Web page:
Scientists, Nations Disagree Over Tuna Catch Limits Over the weekend at meetings in Paris, fishing nations decided to leave catch limits for the endangered Atlantic bluefin tuna virtually unchanged. That's despite scientists' concerns that the species is perilously close to collapse.
NPR logo

Scientists, Nations Disagree Over Tuna Catch Limits

  • Download
  • <iframe src="" width="100%" height="290" frameborder="0" scrolling="no" title="NPR embedded audio player">
  • Transcript
Scientists, Nations Disagree Over Tuna Catch Limits

Scientists, Nations Disagree Over Tuna Catch Limits

  • Download
  • <iframe src="" width="100%" height="290" frameborder="0" scrolling="no" title="NPR embedded audio player">
  • Transcript


The Atlantic bluefin tuna is endangered, but nations that harvest the tuna are refusing to catch less. Eleanor Beardsley has this report on an international meeting on tuna, that wrapped up this past weekend in Paris, and fishing nations decided to leave catch limits for the bluefin, virtually unchanged.

BEARDSLEY: It took ten days for environmentalists, fishermen and representatives from the 48 member countries of the International Commission for the Conservation of Atlantic Tunas, or ICCAT, to hammer out a plan for the future of bluefin tuna fishing. When the meeting ended this weekend, ICCAT announced that fishing quotas would be reduced from 13,500 tons to 12,900 tons in 2011. Not only is that reduction insufficient, says Susan Lieberman of the Pew Environment Group, but ICCAT didnt do enough to combat the biggest problem illegal fishing.

Ms. SUSAN LIEBERMAN (Pew Environment Group): France over-fished a couple years ago, so France now has to pay that back. But other countries that have engaged in all these problems with not reporting, etcetera, there are no consequences. Its just not enough to guarantee the future of this incredible fish.

Ms. GEMMA PARKS (World Wildlife Fund): Bluefin tuna are one of the most amazing fish in the sea and I think theyre so undervalued.

BEARDSLEY: Thats Gemma Parks with the World Wildlife Fund.

Ms. PARKS: You know, they can accelerate faster than a Porsche. They grow to sometimes up to 300, 400 kilos. They can live for up to 40 years. Theyre a warm blooded fish, which is very unusual. Theyre highly migratory, you know, they cross the whole Atlantic Ocean.

BEARDSLEY: Parks says over-fishing has nearly depleted bluefin stocks in the Atlantic. The WWF is now working to save the Mediterranean stocks. The organization accused ICCAT of selling out to the short-term commercial interests of Mediterranean fishing nations like France, Italy and Spain.

But fishermen across the Mediterranean say their fleets have already been cut in half and thousands of jobs lost. Almudena Gomez is a representative for the Spanish fishing industry. Gomez says the quotas have been working and bluefin tuna is back on track to reach maximum sustainable yield by 2022.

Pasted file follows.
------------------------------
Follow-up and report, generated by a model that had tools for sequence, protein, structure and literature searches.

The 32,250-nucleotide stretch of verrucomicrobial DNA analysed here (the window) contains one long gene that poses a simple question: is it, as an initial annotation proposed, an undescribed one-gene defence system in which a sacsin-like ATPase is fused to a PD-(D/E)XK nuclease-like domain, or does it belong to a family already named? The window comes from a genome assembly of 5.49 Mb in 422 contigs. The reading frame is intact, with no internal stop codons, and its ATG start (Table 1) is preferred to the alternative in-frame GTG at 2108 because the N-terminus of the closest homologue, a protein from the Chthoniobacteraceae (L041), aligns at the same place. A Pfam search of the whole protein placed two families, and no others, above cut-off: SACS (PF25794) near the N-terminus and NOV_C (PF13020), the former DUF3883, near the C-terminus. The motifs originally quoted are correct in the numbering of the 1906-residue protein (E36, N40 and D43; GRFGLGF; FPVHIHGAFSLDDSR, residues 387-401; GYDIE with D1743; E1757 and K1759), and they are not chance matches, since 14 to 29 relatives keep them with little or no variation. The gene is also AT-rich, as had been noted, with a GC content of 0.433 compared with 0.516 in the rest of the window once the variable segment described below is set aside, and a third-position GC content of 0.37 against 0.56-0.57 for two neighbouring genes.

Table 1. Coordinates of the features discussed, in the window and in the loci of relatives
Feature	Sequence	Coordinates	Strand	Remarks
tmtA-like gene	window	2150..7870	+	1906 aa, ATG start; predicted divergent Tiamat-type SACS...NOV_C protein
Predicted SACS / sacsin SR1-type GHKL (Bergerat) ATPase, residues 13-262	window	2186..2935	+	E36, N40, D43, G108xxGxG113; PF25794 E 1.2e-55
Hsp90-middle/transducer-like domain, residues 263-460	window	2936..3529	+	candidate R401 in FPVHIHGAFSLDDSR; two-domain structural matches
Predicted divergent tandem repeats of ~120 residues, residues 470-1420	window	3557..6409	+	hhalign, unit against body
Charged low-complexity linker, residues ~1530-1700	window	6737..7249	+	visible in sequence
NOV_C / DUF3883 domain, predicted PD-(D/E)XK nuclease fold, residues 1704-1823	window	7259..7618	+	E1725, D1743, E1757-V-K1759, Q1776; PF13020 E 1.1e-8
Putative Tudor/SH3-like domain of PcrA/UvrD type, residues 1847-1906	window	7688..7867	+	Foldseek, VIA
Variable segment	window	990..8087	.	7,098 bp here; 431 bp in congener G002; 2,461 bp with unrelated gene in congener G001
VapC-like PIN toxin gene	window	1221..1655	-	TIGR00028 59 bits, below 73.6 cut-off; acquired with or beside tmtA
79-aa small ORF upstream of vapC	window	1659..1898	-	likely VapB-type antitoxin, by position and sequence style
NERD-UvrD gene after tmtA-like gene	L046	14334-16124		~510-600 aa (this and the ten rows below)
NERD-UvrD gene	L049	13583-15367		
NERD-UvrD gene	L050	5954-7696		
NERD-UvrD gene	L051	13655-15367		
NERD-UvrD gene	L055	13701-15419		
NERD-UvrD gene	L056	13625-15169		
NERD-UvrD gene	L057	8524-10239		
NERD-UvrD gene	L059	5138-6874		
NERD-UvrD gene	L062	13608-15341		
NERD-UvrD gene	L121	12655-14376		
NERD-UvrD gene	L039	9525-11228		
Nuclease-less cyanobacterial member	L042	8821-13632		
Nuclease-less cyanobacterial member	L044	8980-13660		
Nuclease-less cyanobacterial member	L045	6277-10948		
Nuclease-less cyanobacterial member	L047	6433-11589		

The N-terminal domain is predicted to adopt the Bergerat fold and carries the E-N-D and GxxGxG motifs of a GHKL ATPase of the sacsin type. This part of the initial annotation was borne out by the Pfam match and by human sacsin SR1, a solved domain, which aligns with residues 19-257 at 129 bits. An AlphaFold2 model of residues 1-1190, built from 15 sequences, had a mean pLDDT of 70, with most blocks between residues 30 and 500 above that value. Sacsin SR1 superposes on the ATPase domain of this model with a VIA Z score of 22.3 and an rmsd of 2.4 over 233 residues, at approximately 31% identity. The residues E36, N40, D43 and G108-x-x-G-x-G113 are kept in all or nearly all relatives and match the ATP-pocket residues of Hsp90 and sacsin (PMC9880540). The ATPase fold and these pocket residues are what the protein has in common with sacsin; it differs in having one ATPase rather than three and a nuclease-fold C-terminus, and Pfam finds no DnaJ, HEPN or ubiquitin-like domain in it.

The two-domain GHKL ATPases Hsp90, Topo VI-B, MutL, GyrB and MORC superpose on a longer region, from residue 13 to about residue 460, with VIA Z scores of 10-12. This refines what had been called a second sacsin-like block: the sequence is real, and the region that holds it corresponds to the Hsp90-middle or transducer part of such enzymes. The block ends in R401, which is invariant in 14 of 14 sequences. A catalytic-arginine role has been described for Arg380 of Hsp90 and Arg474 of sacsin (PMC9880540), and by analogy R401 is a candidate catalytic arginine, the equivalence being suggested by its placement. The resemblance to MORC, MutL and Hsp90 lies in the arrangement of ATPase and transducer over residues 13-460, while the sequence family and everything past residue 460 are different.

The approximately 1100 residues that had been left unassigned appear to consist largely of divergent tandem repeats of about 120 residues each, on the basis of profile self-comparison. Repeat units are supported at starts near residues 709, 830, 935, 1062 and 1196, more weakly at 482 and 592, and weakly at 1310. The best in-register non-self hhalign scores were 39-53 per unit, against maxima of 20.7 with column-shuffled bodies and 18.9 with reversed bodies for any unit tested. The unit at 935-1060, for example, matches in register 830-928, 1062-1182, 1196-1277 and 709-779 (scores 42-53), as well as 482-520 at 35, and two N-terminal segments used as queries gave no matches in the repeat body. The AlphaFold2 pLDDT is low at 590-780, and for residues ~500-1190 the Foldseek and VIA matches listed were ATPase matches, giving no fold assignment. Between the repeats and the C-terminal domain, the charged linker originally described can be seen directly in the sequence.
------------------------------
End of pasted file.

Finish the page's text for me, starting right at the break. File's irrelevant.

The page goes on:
Ms. ALMUDENA GOMEZ: We dont have to give false alarms with false figures. The stock is recovering. The recovery plan is working quite well.

BEARDSLEY: The red flesh of the bluefin tuna is a sushi delicacy, and one fish can fetch up to $100,000 at Japanese seafood markets. Eighty percent of the Mediterranean catch is exported to Japan. Masameeya Hara is head of the Japanese delegation to ICCAT. He says the Japanese have woken up to the problem.

Mr. MASAMEEYA HARA (ICCAT): Of course, its big news in Japan. Eating too much tuna caused a problem. People are now thinking very seriously about sustainability of resources.

BEARDSLEY: ICCAT scientists say bluefin tuna have a 70 percent chance of recovering by 2022 with the new quotas. But environmentalists say even a 30 percent chance of failure is too high.

(Soundbite of knocking)

Others agree. Giant retailers like Carrefour and Ikea and this sushi chain in Paris, have signed the World Wildlife Funds Tuna Market Manifesto, pledging not to buy or sell Bluefin tuna until a proper recovery plan is put into place.

Mr. CYRIL MERVAL: (Foreign language spoken)

BEARDSLEY: We want to do our part to save the planet, says sushi shop manager Cyril Merval. We dont serve bluefin tuna anymore, says Merval, and this is exactly why a lot of customers eat here.

For NPR news, Im Eleanor Beardsley in Paris.

(Soundbite of music)

MONTAGNE: This is NPR News.

Copyright © 2010 NPR. All rights reserved. Visit our website terms of use and permissions pages at for further information.

NPR transcripts are created on a rush deadline by Verb8tm, Inc., an NPR contractor, and produced using a proprietary transcription process developed with NPR. This text may not be in its final form and may be updated or revised in the future. Accuracy and availability may vary. The authoritative record of NPR’s programming is the audio record.